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Barack Obama talks Scottish independence with Ed Miliband at White House

US president Barack Obama has discussed the forthcoming Scottish independence referendum with Labour leader Ed Miliband at the White House.

Barack Obama in talks with Ed Miliband at the White House
Barack Obama in talks with Ed Miliband at the White House

Mr Obama dropped in on talks between the British politician and US National Security Advisor Susan Green for around 25 minutes, a Labour aide said.

Their exchanges - said to have touched on a range of international issues - were described by one who was in the room as "very warm and friendly".

His arrival, at a time of a number of international crises, will have come as a relief to Mr Miliband's team - which now includes Mr Obama's former election guru David Axelrod.

Such visits are seen as important for opposition leaders ahead of a general election as they seek to present an image as a global player.

A spokesperson for Mr Miliband said: "The Leader of the Opposition and the President discussed a range of issues, including the situation in Ukraine, Gaza, and the future of the European Union.

"The pair also discussed the economy, climate change & the approaching referendum in Scotland. The meeting lasted around 25 minutes."

Asked if it was simply a photo opportunity, Mr Miliband told ITV News: "As somebody who wants to be the prime minister in less than 10 months' time, it's important I'm here talking to key figures in the administration about the many pressing issues that our country faces and indeed the world faces."

He denied that his relationship with the White House would be a cooler one than seen in the past - despite his success in effectively scuppering Mr Obama's planned military intervention in Syria last year by leading a Commons vote against it.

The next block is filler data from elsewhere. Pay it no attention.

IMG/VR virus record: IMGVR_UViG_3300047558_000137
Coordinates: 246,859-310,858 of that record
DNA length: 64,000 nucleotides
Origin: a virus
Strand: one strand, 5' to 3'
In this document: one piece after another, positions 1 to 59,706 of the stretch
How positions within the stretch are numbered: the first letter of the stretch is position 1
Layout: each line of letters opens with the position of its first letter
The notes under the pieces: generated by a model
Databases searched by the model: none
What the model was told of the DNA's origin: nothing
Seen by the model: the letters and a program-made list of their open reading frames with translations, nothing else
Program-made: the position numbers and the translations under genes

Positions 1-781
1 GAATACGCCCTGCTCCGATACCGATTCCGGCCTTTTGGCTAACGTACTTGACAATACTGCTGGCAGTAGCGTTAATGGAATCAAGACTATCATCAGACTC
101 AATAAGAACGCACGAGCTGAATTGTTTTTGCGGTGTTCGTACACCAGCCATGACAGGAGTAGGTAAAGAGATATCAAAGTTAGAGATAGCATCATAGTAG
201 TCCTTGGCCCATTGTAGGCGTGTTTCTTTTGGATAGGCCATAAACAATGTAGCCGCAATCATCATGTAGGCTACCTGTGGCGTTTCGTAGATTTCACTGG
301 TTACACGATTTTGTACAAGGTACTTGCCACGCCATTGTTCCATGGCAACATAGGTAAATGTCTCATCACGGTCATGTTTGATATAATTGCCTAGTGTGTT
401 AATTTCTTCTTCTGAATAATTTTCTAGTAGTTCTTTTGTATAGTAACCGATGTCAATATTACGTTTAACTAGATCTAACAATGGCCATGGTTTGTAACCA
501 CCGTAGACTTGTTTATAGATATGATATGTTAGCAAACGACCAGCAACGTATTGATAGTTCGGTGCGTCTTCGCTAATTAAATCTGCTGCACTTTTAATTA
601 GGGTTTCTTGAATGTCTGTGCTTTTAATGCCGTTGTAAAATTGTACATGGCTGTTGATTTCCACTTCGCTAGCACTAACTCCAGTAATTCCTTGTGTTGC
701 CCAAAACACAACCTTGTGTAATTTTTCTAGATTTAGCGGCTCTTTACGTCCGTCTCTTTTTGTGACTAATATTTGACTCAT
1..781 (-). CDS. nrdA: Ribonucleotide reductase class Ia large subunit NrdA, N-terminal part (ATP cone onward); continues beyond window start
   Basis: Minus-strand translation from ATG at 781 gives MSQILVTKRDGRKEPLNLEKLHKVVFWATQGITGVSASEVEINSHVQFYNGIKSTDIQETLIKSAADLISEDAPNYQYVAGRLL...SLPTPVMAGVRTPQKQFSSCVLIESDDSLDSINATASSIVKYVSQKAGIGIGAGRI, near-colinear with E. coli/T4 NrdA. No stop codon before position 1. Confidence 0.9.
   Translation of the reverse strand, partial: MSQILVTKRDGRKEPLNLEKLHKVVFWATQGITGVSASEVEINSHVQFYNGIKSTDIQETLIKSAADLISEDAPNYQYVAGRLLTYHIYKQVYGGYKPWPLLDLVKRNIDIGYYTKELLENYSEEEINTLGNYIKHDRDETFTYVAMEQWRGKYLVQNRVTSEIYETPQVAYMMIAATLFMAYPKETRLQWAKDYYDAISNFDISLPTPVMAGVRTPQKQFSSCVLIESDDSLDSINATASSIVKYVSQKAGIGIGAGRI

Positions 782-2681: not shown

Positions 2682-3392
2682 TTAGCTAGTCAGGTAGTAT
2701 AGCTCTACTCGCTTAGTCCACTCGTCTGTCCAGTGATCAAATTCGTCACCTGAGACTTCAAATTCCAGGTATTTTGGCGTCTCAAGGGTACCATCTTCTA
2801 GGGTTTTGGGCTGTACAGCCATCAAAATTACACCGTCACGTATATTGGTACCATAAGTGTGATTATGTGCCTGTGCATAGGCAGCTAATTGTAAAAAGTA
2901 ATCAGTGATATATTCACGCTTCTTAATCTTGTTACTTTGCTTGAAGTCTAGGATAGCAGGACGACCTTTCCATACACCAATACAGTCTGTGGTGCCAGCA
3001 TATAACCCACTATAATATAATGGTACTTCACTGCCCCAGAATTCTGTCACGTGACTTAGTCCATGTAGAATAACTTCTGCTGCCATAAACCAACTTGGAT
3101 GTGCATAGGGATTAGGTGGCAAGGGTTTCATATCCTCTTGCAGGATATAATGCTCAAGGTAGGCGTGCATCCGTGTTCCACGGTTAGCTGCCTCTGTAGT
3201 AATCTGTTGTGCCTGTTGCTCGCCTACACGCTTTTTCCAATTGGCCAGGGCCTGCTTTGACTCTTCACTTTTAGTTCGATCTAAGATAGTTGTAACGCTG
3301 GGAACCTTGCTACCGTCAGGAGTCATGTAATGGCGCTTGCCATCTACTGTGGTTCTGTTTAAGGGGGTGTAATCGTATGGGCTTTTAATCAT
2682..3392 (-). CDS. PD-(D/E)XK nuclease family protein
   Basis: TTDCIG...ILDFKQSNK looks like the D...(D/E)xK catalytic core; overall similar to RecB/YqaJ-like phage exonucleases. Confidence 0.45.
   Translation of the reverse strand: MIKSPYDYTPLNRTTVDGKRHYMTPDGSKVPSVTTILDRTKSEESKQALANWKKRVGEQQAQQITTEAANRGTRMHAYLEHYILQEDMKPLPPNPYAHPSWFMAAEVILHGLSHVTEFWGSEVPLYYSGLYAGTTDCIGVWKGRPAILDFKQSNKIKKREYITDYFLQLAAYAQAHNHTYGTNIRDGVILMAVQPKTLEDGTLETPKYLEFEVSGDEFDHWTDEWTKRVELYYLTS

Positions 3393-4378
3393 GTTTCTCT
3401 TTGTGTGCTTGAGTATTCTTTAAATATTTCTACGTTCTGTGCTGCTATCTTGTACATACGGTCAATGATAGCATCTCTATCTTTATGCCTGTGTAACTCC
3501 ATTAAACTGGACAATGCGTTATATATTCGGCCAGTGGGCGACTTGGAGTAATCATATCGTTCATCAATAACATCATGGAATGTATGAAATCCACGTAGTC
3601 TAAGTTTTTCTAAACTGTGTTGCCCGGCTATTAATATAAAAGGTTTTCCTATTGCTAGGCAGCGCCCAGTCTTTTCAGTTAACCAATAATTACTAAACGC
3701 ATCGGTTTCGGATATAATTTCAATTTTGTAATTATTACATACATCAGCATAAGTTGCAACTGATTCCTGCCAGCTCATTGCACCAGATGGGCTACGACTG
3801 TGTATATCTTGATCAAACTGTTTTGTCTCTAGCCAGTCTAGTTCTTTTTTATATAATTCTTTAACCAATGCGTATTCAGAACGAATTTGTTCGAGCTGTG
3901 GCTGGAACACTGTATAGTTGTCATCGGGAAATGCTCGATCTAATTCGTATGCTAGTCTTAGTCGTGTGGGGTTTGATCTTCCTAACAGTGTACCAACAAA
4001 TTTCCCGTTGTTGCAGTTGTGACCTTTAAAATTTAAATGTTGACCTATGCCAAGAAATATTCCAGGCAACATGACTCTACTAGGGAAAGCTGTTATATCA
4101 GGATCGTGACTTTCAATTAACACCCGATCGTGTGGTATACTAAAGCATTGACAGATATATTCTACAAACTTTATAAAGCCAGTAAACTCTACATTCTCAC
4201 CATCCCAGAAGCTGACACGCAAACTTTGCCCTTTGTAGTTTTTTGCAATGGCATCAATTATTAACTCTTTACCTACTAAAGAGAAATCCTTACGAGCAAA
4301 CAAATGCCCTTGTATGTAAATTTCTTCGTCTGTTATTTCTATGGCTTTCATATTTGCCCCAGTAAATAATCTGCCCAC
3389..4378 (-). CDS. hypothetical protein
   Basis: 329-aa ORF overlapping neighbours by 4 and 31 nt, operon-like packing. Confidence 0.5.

"It's about a close relationship with the United States, it's also about knowing where our national interest lies," he said, responding to comparisons with ex-Labour PM Tony Blair's closeness to president George Bush over the Iraq war in 2003.

"On the Syria vote, I thought it wasn't right for Britain to take that action in relation to chemical weapons. I thought it wasn't the last resort, I didn't think the case had been proved; it would make the situation better not worse.

"I think that's what the British public will expect of me, hard-headed, not withdrawing from the rest of the world, but knowing that my responsibility as prime minister will be to send their sons and daughters, the sons and daughters of our country into conflict, and to only do that, when I know it is absolutely necessary."

He denied having to "plead" with the White House to secure the meeting or of risking looking "desperate" to voters.

"No, I think what it is about is saying there are huge problems that the world faces, whether it's the tragic downing of the Malaysian airliner, with the loss of significant British life, or the problems in the Middle East, and those problems, the solutions to those problems, go through the United States - and go through Britain working with the United States, and that's why I'm here."

He said he had not been able to meet with his brother David - who quit as an MP and took a job in the US after losing out on the party leadership to his sibling - because he was "on a family vacation some distance from here".

But he insisted they talk regularly.

"We talk, I mean we talk a lot, and he's doing a great job actually helping refugees across the world, a really really important job and a job we talk about a lot."

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